The Good, the Bland and the Ugly – the 2014-17 Child Poverty Strategy

The Good, the Bland and the Ugly – the 2014-17 Child Poverty Strategy

The Government has today published its Strategy to Reduce Child Poverty.  Here follows a quick analysis of what has changed from the Consultation Draft:

Not much. 

OK, now a slightly longer analysis:

The Child Poverty Unit has provided a useful Appendix summarising consultation responses they received and the Government’s reaction to those responses (Annex E).  A list of the changes made as a result of those consultation responses would have been nice (and short!).   But changes there have been: some good, some bland, and some not so good.  In my view, of course.

The Good:

  • There is a much stronger recognition of the importance of mental health as both a cause and effect of poverty, a commitment to improve access to mental health services, and a plug for the “Better health outcomes for children and young people” pledge, which are all good additions to the Strategy.
  • There is a new paragraph on the links between poverty, health and educational attainment which, mercifully, emphasises that it is the impact of poverty on children that causes problems, not children’s behaviours.  It says “Ensuring children are ‘school ready’ is a key challenge. Children who are healthy, fit and alert will benefit most from their education and be able to realise their potential. But a child born in poverty is more likely than other children to be born early, born small, die in the first year of life, die before adulthood or experience health problems in later life. Equally, children coming to school hungry or stressed as a result of their social and economic environment will be unable to take full advantage of learning opportunities.” (para 26, p44).
  • There is more recognition of the importance of local data in measuring child poverty, and a commitment to find a good local ‘proxy’ measure to replace the HMRC data generated through Tax Credits, which will disappear when Universal Credit (eventually) rolls out.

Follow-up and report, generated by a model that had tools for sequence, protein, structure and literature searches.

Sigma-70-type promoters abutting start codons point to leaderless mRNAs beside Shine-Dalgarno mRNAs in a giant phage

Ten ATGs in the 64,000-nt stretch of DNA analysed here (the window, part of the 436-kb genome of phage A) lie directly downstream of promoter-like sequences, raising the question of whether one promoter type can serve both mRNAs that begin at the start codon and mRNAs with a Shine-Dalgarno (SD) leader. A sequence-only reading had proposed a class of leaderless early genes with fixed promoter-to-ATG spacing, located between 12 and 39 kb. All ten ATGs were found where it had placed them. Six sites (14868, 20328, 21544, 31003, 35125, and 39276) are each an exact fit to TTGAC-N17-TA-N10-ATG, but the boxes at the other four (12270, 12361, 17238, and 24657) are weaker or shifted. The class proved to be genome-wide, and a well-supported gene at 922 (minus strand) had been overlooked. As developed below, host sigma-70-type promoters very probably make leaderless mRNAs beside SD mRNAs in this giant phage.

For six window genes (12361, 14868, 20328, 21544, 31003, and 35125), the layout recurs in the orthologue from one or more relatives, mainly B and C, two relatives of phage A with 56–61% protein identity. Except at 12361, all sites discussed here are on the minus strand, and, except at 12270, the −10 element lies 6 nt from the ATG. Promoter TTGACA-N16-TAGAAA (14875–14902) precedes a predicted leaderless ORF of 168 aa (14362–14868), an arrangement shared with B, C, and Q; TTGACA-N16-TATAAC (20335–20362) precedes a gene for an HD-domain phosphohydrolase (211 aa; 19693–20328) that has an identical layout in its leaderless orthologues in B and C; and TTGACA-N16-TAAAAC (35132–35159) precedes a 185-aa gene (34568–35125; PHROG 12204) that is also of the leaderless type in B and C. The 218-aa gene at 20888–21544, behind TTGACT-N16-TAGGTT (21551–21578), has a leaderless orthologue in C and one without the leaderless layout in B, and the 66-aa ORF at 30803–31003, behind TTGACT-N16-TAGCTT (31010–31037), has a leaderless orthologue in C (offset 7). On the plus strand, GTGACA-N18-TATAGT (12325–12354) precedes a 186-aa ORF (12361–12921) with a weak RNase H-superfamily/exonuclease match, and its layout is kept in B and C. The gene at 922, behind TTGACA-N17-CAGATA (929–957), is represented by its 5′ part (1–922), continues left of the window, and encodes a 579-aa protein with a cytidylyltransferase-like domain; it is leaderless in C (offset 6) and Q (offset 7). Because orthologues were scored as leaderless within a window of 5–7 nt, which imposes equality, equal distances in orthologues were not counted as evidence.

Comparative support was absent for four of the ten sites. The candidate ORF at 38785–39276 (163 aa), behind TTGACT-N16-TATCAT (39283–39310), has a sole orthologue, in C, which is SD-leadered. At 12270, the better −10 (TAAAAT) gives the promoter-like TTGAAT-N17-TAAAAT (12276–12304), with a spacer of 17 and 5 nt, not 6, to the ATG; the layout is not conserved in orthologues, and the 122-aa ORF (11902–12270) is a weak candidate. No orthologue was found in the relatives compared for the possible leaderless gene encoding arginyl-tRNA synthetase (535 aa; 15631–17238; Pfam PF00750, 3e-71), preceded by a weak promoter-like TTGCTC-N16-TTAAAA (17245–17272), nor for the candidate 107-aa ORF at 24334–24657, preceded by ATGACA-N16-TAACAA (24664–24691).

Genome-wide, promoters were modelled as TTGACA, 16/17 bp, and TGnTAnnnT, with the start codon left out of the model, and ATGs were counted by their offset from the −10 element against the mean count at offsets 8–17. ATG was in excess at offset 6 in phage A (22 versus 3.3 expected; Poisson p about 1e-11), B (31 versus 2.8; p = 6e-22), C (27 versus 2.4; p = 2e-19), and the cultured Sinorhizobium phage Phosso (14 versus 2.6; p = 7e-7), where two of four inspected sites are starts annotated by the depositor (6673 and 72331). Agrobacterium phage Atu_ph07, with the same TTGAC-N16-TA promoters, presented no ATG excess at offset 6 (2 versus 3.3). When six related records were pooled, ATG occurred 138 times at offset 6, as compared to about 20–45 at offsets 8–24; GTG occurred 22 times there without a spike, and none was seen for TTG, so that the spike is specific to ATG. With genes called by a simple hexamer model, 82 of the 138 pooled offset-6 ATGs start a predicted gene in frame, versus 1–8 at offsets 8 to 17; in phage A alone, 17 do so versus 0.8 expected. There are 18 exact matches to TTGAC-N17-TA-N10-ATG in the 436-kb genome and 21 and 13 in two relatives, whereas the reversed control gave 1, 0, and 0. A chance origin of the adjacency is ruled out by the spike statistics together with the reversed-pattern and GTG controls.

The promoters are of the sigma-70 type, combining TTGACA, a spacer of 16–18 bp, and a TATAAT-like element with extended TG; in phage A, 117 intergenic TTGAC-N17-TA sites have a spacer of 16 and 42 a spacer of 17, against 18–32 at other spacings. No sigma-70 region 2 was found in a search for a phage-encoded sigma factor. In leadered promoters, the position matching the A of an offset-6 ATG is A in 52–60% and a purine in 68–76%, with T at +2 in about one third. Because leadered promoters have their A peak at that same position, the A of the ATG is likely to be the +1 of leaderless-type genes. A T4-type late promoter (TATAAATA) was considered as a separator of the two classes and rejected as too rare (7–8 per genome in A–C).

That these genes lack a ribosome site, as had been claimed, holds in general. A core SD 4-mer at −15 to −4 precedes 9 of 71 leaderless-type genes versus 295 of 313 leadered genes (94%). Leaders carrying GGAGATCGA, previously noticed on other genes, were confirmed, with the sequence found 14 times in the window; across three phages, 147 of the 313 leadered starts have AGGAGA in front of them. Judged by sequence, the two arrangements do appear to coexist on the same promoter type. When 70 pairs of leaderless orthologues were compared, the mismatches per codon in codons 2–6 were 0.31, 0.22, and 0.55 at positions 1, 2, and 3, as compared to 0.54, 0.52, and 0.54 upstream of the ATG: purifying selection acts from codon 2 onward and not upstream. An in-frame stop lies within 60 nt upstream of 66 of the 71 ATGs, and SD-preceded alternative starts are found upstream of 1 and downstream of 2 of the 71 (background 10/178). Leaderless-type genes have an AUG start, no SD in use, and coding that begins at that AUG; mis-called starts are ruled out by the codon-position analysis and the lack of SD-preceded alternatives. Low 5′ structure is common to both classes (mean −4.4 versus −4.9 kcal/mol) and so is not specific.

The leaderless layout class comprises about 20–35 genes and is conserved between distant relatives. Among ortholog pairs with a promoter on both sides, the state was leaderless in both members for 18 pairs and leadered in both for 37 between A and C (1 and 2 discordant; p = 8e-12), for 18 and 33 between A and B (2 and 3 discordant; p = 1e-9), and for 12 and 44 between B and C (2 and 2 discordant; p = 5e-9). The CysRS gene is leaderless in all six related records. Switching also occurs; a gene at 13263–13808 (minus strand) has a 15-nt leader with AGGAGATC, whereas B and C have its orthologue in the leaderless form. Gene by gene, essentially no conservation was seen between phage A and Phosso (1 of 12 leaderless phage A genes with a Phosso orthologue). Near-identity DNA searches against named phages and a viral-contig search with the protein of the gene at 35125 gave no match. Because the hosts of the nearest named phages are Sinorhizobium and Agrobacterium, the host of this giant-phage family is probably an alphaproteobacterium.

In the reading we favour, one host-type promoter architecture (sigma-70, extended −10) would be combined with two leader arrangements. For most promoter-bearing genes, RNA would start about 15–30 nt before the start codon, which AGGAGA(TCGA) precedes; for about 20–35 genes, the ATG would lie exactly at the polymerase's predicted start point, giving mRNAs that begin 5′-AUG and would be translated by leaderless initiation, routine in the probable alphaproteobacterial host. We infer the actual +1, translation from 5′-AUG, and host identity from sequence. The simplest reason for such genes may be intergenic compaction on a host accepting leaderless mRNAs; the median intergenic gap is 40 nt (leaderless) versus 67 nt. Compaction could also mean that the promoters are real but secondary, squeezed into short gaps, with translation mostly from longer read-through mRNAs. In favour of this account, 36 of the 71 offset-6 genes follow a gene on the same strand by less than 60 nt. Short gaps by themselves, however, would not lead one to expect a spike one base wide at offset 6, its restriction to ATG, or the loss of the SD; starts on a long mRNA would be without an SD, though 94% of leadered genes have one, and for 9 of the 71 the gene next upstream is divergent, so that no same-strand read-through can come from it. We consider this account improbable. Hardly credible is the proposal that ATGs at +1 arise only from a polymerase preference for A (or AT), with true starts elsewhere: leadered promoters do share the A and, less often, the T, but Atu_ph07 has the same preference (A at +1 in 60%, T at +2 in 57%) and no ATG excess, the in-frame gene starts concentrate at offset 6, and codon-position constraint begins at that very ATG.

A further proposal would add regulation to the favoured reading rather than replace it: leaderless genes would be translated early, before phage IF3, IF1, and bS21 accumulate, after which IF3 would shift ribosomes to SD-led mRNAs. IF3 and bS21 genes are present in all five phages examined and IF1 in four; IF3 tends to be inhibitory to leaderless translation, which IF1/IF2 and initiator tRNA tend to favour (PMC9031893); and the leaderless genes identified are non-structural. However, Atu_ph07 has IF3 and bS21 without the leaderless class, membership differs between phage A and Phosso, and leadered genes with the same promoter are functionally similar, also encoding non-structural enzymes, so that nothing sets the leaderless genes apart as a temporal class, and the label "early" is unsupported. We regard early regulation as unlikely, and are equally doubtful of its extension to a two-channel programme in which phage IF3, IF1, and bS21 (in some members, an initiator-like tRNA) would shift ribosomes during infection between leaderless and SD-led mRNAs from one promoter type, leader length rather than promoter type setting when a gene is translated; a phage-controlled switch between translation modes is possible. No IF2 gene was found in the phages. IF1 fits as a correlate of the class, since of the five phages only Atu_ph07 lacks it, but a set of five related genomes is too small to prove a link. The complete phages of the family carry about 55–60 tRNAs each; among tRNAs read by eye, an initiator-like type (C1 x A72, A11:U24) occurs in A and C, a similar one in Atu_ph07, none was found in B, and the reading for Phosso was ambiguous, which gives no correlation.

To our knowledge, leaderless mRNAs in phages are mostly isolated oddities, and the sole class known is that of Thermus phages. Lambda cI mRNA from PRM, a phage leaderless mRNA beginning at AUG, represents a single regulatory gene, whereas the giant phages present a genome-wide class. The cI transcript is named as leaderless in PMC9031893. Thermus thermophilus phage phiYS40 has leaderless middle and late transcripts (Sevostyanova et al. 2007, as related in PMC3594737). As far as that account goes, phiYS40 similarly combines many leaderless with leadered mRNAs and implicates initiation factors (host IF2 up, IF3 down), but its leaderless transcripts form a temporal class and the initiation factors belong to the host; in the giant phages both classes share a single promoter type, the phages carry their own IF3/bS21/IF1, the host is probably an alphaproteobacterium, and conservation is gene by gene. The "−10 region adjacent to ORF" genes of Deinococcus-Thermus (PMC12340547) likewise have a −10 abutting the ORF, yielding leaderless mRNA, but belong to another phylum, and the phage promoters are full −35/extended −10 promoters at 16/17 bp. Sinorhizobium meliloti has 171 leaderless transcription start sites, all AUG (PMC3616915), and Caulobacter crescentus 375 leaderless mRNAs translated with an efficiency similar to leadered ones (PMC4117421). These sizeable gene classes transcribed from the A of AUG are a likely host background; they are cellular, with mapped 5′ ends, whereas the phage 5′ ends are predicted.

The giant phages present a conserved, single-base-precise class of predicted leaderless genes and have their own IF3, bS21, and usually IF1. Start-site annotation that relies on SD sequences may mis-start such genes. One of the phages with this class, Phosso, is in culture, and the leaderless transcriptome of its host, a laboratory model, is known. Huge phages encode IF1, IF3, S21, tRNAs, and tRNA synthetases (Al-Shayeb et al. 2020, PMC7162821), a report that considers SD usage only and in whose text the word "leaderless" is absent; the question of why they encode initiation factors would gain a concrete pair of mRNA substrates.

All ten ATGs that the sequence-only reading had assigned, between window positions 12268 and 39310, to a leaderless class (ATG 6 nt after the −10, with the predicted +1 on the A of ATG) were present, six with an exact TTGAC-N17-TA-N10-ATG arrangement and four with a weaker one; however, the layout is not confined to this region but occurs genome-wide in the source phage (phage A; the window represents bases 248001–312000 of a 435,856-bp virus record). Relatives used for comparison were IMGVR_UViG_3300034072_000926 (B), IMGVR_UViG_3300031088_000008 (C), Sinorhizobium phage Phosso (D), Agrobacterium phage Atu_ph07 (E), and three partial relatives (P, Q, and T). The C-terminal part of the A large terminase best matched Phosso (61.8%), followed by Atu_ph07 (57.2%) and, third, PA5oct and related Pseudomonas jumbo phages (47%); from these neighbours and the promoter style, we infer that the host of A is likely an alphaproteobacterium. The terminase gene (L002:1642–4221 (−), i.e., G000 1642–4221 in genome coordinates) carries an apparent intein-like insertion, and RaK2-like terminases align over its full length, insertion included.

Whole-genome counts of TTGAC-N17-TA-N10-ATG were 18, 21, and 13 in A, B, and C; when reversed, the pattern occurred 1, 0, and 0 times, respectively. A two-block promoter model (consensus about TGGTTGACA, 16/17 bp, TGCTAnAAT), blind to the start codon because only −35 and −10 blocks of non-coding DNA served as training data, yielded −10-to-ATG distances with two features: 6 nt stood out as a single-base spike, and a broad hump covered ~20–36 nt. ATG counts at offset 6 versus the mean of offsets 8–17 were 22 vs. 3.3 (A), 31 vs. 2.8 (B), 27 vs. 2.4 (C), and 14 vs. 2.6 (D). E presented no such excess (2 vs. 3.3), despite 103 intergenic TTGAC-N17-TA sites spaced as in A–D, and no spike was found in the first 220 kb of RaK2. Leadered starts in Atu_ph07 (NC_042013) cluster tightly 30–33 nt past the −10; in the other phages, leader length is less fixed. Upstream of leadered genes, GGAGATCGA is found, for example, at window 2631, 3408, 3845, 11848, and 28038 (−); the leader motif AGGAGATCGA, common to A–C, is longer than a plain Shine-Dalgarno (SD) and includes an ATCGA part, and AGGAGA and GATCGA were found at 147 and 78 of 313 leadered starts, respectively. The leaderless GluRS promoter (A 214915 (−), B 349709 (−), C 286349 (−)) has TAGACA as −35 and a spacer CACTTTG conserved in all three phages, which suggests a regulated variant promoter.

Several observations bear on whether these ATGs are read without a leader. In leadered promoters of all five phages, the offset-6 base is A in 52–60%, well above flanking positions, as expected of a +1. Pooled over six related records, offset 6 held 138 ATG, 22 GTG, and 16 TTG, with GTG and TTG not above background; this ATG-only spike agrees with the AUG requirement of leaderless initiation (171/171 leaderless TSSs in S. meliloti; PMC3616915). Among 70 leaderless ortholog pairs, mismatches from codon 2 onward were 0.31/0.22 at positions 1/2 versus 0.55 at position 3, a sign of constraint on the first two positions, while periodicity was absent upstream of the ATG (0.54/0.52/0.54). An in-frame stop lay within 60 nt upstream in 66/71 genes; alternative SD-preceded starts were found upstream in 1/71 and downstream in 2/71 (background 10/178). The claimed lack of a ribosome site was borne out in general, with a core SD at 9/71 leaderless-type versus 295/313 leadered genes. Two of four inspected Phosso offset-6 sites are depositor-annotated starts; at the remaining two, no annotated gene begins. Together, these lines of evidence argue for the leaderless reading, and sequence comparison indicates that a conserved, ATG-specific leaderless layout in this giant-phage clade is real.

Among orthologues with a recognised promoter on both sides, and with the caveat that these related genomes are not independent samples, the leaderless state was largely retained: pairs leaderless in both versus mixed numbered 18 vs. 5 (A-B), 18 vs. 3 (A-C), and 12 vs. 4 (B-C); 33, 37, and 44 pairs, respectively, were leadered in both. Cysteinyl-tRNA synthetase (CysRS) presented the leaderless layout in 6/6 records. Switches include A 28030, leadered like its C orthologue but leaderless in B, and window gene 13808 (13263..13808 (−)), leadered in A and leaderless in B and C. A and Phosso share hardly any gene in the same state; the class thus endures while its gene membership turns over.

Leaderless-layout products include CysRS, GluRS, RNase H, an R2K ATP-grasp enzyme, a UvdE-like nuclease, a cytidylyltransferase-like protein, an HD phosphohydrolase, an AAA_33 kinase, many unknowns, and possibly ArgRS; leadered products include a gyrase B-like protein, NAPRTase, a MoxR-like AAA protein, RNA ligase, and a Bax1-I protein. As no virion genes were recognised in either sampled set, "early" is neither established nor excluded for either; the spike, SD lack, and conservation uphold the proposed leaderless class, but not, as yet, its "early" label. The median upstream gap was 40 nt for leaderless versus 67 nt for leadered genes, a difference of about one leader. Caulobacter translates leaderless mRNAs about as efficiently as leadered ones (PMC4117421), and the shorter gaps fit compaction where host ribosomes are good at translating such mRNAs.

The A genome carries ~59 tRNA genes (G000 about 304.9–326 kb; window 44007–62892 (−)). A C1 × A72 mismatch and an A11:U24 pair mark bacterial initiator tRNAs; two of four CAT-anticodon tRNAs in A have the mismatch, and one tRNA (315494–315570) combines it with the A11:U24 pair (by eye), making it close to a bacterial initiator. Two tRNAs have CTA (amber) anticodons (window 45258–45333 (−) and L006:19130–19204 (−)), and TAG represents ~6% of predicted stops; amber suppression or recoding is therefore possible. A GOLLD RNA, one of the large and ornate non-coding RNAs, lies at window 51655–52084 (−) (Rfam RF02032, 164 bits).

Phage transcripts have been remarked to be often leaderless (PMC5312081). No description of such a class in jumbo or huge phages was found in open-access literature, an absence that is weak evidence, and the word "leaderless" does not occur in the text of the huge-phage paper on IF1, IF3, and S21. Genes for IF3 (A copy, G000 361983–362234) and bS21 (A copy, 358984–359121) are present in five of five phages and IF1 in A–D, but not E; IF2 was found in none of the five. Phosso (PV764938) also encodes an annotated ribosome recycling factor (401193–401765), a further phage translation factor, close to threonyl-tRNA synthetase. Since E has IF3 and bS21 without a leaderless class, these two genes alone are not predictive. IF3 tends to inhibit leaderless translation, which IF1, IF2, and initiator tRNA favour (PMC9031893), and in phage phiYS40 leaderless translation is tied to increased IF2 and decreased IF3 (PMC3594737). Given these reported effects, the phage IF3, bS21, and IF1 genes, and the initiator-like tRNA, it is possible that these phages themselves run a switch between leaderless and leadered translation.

The Bland:

  • Living Wage gets a mention, hurrah!  But just to say that employers should consider paying it.  Not that they should pay it unless there is very good reason not to.  A step in the right direction though.   
  • There is an explicit statement that “Local Enterprise Partnerships (LEPs) in particular can play a vital leadership role for local partners to tackle the drivers of child poverty.”  Many of us would like to see LEPs given a clear role in promoting fair and inclusive economic development, rather than growth at all costs, and this goes some way towards that.  They could have gone slightly further and used the word ‘should’ rather than ‘can’.  We’ll watch to see how our LEPs respond, if at all, to this gentle nudge.
  • There are other additions to the section on what employers can do, including looking to better understand the issues facing their workforce, and a plug for the Social Mobility Business Compact.  Nice, but hardly likely to hold the attention of the CBI for long.

The Ugly:

  • There is still no real strategy here, no indication of how they will hit the targets, no measureable objectives, no teeth.
  • Sadly, there is still a focus on blaming poor children’s lack of ‘character skills’ for any future poverty they may experience.  This ignores the evidence the Government recognises (as cited in the good paragraph quoted above) of the practical impacts of poverty on education.  It also ignores several responses – including our own – suggesting that a lack of ‘character skills’ was an un-evidenced and offensive explanation for poverty.
  • To rub salt into this wound, the only new funding commitment I could find was to "Working with the Ministry of Defence and independent schools – and providing funding – to get more cadet forces into state schools", which looks suspiciously to me like a strategy to tackle poverty by shouting at poor kids.  

This is just a quick and dirty view of the Strategy.  There are four other bits and pieces launched today:

  • Three research and analysis reports:
  1. In-work poverty couples research
  2. Child poverty transitions research: early findings report 
  3. Analysis of the characteristics that make it hard for families to escape poverty 


Work has to be a better route out of poverty. Most poor children have a working parent.

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Poverty leads to poor attainment.  Poor attainment leads to poverty.

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Local Authorities

Councils have a duty to address child poverty through their services, jobs and contracts.

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